The Law Offices of Steven M. Fink in the news
In the thirty two years the Steven Fink has been practicing law, the field of Employment Law has mushroomed from matters that largely dealt with unions to what has become one of the dominant and complex legal arenas of the 21st century. As Mr., Fink sums it up, “The secret to representing any employee against his or her employer or former employer is twofold: First you must the facts which give rise to a legitimate claim; and second, you need a good lawyer to keep you in court or to achieve a satisfactory settlement. The conceptual and legal barriers which any employee faces are daunting, if not downright scary. Most of the time I feel like David, battling Goliath,” adds Mr. Fink. “The employer is usually represented by a large law firm with highly paid lawyers. The bottom line is that if you can survive the legal gauntlet, most employers simply do not want to face a jury trial” Overcoming those odds is no small task, but it is the stuff on which Mr. Fink thrives and – sometime to the dismay of his family and friends – enjoys.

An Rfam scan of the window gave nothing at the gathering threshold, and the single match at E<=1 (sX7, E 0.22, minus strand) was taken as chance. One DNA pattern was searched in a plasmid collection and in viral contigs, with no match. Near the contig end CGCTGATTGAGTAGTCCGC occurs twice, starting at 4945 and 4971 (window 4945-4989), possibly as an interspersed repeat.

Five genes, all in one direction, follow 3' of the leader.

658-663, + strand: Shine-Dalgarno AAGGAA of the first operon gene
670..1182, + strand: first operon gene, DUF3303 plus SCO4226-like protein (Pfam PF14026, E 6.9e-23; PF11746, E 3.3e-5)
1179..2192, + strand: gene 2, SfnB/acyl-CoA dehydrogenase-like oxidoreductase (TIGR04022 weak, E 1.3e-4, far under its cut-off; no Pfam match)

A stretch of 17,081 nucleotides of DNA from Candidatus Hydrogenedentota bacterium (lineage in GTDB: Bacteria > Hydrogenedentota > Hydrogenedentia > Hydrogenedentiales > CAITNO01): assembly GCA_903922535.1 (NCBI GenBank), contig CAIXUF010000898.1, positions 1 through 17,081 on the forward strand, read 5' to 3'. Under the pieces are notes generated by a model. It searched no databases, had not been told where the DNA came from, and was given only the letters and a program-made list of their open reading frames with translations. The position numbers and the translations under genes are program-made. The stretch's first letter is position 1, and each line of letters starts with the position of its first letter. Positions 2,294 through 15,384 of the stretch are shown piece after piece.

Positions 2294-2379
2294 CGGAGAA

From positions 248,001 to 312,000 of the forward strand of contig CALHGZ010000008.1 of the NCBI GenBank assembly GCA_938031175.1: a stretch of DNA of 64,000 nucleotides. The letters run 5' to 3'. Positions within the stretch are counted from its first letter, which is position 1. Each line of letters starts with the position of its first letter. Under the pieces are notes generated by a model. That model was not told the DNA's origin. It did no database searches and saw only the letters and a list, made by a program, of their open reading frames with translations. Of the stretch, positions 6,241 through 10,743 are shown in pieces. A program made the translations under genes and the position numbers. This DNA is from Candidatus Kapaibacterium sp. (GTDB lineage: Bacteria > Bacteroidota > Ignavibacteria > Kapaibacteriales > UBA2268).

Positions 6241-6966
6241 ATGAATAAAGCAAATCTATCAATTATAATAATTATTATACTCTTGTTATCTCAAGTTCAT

Mr. Fink is a partner in the Law Off ice of Steven M. Fink, a small but energetic and creative law firm founded in 1976. Mr. Fink is a graduate of the University of California, Berkeley’s Boalt Hall, and he has five times been selected by San Jose Magazine as one of the top lawyers in Employment Law.
Mr. Fink concentrates his practice in the fields on Employment Law, Business and Civil Litigation, including state and federal civil rights, sexual harassment, gender and disability discrimination, Labor Code, “whistle-blower” and wrongful termination claims. While most of his clients are employees or former employees, he also represent employers. Though he began his career practicing Entertainment Law in Los Angeles, Mr. Fink and wife traded the glamour of Hollywood for the San Jose Area’s charms. That early exposure to big city, high pressure civil cases has served him well, particularly when dealing with the complex issues involved in modern employment cases.
“The best way I can put it that when faced with an Employment Law problem, pretend that you are dealing with an illness. The bad news is that you have an illness. The good news is that with the help of a good lawyer, and the legal tools available to him or her, those problems are often treatable, if not curable.